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Perhaps George Will was right in 2005 when he warned about “increasingly potent strains of marijuana.” Just think of all the people at this year’s Bonnaroo who preordered a “collectible” DVD record of the festival for $10—a $6.95 discount from the general market, but still $10 too much. Especially when you consider you’re paying to trigger memories of the $9 you spent on a fried Twinkie, or how you upset the medical tent with your air-guitar accompaniment to the Beastie Boys’ “Intergalactic.”
But unwelcome flashbacks aren’t the main pitfall of DVDs of concerts and festivals. The latter in particular—the great majority of them produced without a director—have become warmed-over buffets, in which you get one number each from a handful of bands (often not the best number, either) along with obligatory crowd-pans and artlessly wiggling young women.
Still, the quality of a concert flick doesn’t depend so much on the artistry as it does on the performers—and a sense that something more durable than a rock concert took place. The Last Waltz is a remarkable film, but it shouldn’t take a Scorsese to make a concert movie that repays repeat viewing. Even in a year that offered marketers many routes to consumers’ wallets—the 40th anniversary of Woodstock! the eighth anniversary of Bonnaroo!—there were few glimmers of hope—and enough turkeys to sate the enhanced appetites of audiences at Bonnaroo, Gathering of the Vibes, and Burning Man combined.
John Lennon & the Plastic Ono Band
Live in Toronto ’69
Touted by the, uh, company that released it as having “signalled the end of the Beatles,” this document of the Toronto Rock and Roll Revival Festival merely signaled the end of John Lennon’s credibility. Stick around for the first segment, in which two generations of Diddleys (Bo and his daughter) do an admirable stomp, Jerry Lee Lewis plays the piano with his cowboy boot, and Little Richard shrieks in the grand camp tradition…but hit the refreshment stand for a 50 cent beer as soon as Lennon & Yoko take the stage for such regrettable avant-gardeisms as “Don’t Worry Kyoko (Mummy’s Only Looking for Her Hand in the Snow).” Eric Clapton plays solos and doesn’t look too happy about it.
Woodstock: 40th Anniversary
Ultimate Collector’s Edition
In the sea of 2009 music DVDs, this is the Titanic—clothed in buckskin-fringe, featuring mindless apocrypha like a 60-page commemorative LIFE reprint, an iron-on Woodstock patch, and remastered in Blu-Ray so you can see Country Joe’s gaptooth as though it were right there in the room. The film itself, sure, is worthy enough: Hendrix’s sloppy-but-seminal set is still fresh, Joe Cocker’s even moreso, Arlo Guthrie actually sounds hip, the Dead look hearteningly reconciled with the idea of the East Coast, and you can almost forgive Albert Grossman for refusing to license the Band’s set (this version, like all others, excludes it). Bells and whistles? Whatever, ’tis the season. But this numbered, limited-edition set’s self-declared “enhanced collectibility” is kitschier than anything Sha Na Na does here. And while the “fact sheet” enumerating festival births (2), miscarriages reported (4), and number of cauldrons of rice-carrot-raisin combo made at the Hog Farm Commune (51) gives the legendary concert some quantitative heft, listing the price for an ounce of grass ($15) dissonates powerfully with the price of this item at Melody Records ($59.99). If you’re willing to overpay for dinosaur footage, aim for Monterey Pop!—a comparative steal at $31.99 from Amazon. Woodstock director Michael Wadleigh was no D.A. Pennebaker, and at Monterey, Pennebaker caught many of the Woodstock acts: 1) at the peak of their powers; and 2) at the real peak of the ’60s.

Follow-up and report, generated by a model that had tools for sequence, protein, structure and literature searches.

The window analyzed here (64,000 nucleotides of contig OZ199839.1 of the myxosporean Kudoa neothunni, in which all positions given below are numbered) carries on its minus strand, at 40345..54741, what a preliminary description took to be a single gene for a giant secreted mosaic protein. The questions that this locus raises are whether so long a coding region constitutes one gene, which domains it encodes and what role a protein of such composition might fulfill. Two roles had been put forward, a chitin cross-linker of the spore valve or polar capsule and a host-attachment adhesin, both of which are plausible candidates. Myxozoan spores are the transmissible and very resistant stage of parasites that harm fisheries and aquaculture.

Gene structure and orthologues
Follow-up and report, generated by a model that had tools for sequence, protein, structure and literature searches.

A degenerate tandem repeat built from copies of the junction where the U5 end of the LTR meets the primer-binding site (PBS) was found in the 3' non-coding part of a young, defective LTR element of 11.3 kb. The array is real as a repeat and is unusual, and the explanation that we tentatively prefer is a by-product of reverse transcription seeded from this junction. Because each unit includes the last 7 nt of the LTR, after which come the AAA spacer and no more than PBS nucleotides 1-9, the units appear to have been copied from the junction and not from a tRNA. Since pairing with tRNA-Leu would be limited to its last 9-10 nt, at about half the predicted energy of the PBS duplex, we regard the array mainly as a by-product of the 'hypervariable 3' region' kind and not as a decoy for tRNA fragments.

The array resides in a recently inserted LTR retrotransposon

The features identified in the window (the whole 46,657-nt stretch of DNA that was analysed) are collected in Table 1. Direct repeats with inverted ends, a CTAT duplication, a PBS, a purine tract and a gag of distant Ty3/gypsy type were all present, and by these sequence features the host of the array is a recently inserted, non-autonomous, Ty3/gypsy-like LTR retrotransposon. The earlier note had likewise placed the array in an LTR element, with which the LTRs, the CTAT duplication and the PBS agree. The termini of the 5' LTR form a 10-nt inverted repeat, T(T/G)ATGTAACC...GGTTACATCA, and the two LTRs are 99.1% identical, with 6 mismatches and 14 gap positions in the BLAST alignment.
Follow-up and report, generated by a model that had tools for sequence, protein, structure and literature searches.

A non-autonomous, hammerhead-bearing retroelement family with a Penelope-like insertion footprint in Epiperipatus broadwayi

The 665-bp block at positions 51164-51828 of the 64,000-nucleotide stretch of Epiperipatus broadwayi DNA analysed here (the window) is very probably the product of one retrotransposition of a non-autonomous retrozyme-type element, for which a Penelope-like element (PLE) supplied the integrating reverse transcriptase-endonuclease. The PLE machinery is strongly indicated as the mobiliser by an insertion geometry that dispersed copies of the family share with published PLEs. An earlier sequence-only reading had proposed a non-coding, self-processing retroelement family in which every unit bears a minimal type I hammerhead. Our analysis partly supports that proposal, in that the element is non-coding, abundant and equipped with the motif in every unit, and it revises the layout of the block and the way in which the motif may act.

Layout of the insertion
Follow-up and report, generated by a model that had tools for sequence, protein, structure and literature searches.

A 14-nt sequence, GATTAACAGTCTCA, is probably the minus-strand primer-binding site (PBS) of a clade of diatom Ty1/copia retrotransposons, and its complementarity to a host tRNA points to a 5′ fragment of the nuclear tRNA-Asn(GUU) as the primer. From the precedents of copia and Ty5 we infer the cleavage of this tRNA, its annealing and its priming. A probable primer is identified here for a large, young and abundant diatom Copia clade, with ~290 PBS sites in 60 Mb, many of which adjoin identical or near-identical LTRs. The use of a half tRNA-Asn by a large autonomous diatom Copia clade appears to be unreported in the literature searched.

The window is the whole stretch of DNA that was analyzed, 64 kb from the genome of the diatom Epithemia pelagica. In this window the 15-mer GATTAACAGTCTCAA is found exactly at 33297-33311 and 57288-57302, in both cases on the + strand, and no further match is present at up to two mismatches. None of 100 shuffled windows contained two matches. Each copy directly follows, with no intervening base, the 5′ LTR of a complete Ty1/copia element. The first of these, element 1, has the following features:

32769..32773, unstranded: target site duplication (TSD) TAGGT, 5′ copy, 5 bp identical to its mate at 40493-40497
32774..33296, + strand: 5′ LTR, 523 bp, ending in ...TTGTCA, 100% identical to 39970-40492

The Secret Policeman Rocks!
Another anniversary offering—2009 is the 30th anniversary of the first Secret Policeman’s Ball, and as the title suggests, this film sidesteps the variety-show comedy that defined the Mermaid Frolics, Policeman’s predecessor, in favor of ad hoc supergroupery (characteristic moment: Sting leading various strung-out rockers through a reggae version of “I Shall Be Released” in 1981). The Ball likes to pat itself on the back for accomplishments merited and otherwise: giving birth to Live Aid (which it did); providing the inspiration for MTV’s Unplugged series (unlikely, though Pete Townshend and Martin Lewis insist on it). Here, the most worthwhile moments are indeed the strange-unplugged-bedfellows ones: a Townshend–John Williams duet on “Won’t Get Fooled Again” and an acoustic “Imagine” by Mark Knopfler and Chet Atkins. Phil Collins alone at a piano? Not so much.
Otis Redding, The Best: See & Hear
If you pry out the umpteenth greatest hits CD from its jewel case—12 fine tracks, none of them live—you’ll discover a chestnut of a DVD featuring desultory footage from the 1967 Stax tour. Highlights throughout are Steve Cropper and Duck Dunn, and Booker T. turns in a characteristically stylish performance. Sam & Dave and Redding are exactly what you’d want, and if you’ve never dug Redding at Monterey, you could do worse than starting here.
In explaining unusual exclusions on discs such as this, producers often cite “licensing disagreements.” Whatever the cause, this 2009 groaner neglects the hoarier stars: There’s no Allen Toussaint, no Merle Haggard. But also, for some reason, no Animal Collective, no TV on the Radio, and definitely no Wilco. Raphael Saadiq cuts it, as does Phish’s one number (“Down With Disease”), but Snoop Dogg at this point should maybe stick to reality TV, and while the Decemberists look and sound great, this disc will remind you that YouTube’s streaming quality is, as no-doubt future Bonnaroo headliner Paul McCartney once said, “getting better all the time.”